Four months after a fatal crash forced Uber to halt testing of its self-driving cars nationwide, the company announced Tuesday that it is resuming testing on Pittsburgh streets. But the announcement comes with an important caveat: initially, the cars will only be driven in “manual mode” with human drivers—not Uber’s software—controlling them.
“We’re starting with cars in manual mode, with a Mission Specialist sitting behind the wheel and manually controlling the vehicle at all times,” writes Eric Meyhofer, the leader of Uber’s self-driving car program. “While we are eager to resume testing of our self-driving system, we see manual driving as an important first step.”
Driving around in manual mode won’t allow Uber to directly test its self-driving car software. But it will allow the company to gather data that will improve Uber’s maps and simulation software. It’s also a way for Uber to test the political waters in Pittsburgh before diving in headfirst. Uber’s plan to resume testing in Pittsburgh initially met with criticism from Mayor Bill Peduto.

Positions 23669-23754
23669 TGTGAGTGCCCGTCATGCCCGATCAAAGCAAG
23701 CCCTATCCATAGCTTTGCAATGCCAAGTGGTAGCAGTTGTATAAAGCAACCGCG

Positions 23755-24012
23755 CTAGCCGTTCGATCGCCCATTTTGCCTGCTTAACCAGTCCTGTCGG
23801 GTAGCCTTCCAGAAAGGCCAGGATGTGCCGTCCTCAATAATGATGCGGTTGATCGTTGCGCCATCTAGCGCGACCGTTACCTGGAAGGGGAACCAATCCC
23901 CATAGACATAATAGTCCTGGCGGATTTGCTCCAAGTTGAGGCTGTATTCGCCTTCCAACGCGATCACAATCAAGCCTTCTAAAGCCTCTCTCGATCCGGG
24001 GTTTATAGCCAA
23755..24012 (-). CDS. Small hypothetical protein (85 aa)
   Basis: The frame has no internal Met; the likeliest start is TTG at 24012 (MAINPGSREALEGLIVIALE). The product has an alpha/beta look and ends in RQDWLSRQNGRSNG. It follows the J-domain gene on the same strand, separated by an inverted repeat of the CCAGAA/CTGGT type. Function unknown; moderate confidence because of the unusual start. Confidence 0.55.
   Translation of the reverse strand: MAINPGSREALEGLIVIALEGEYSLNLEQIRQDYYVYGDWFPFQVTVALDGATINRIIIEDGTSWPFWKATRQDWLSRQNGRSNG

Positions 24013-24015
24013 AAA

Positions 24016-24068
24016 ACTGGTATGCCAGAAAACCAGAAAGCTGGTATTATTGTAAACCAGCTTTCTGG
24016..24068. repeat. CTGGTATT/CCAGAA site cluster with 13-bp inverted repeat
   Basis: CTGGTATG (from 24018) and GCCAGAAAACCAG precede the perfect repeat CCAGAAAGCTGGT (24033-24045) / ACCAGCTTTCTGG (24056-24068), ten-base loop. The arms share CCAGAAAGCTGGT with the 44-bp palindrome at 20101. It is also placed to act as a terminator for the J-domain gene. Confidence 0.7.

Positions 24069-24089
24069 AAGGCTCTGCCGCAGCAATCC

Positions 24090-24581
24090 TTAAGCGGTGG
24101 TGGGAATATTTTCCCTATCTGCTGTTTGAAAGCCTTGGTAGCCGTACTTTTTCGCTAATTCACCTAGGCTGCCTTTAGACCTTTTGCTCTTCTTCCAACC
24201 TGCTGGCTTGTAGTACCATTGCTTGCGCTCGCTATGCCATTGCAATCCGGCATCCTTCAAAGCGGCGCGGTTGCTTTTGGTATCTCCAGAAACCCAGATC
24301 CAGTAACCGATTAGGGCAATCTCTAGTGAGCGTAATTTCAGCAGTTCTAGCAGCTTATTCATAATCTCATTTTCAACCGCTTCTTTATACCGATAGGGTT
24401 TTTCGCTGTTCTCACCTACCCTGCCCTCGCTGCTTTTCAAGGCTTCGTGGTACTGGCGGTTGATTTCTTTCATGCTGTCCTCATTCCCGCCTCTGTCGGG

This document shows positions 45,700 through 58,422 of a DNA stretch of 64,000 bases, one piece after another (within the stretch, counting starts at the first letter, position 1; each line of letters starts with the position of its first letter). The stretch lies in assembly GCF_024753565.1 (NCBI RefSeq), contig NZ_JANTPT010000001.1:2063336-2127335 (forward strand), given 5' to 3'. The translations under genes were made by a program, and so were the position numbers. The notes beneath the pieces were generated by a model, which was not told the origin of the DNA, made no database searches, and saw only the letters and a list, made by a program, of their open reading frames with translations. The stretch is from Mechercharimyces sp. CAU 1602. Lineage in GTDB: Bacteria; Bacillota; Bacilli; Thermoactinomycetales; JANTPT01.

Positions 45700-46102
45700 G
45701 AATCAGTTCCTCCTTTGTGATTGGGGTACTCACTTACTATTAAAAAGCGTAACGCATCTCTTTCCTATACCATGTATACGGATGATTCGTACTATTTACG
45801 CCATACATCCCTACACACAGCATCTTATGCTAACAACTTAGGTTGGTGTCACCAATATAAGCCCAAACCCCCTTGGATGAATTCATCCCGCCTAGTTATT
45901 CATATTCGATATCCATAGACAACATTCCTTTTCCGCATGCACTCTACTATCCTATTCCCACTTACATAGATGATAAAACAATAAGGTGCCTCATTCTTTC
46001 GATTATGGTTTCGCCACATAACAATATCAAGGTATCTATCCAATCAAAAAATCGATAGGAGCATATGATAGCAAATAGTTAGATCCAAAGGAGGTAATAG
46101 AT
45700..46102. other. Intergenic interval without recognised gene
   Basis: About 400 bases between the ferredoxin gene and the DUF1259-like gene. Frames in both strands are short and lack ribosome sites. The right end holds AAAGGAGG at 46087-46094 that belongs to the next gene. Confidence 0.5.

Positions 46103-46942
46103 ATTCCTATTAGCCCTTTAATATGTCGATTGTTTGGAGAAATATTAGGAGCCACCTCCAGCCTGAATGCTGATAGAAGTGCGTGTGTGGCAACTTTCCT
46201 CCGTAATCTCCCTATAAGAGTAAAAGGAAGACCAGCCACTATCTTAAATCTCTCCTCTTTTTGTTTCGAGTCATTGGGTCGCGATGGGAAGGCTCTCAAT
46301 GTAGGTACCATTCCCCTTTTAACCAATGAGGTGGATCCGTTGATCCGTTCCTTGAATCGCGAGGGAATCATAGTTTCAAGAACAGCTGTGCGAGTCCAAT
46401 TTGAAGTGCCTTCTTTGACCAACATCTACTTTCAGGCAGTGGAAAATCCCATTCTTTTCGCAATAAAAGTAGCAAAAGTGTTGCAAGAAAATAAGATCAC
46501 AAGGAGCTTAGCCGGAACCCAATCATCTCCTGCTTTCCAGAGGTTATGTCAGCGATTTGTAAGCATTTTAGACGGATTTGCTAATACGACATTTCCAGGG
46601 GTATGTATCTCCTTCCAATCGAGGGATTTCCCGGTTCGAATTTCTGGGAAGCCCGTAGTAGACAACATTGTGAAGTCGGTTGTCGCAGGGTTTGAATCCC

Uber says it’s taking precautions to make sure its new testing regime is much safer than the one that killed pedestrian Elaine Herzberg in Tempe, Arizona, earlier this year.
There will now be two people—known as “mission specialists”—in each car. One of them will be responsible for driving the vehicle (or, later, monitoring the vehicle as it drives itself). The other person will “document notable events”—providing data and feedback that Uber engineers will later be able to use to improve the cars’ performance.
At the time of the March crash, Uber was asking a single driver to perform both tasks simultaneously—an arrangement that created an obvious risk of driver distraction. Now Uber says in-car systems have been redesigned to minimize driver distraction, and the company has given safety drivers additional training.
Perhaps most importantly, Uber says it will no longer disable the collision avoidance systems on its Volvo vehicles. At the time of the March crash, Uber had reportedly disabled this software, relying on the human driver to brake if the car was on a collision course.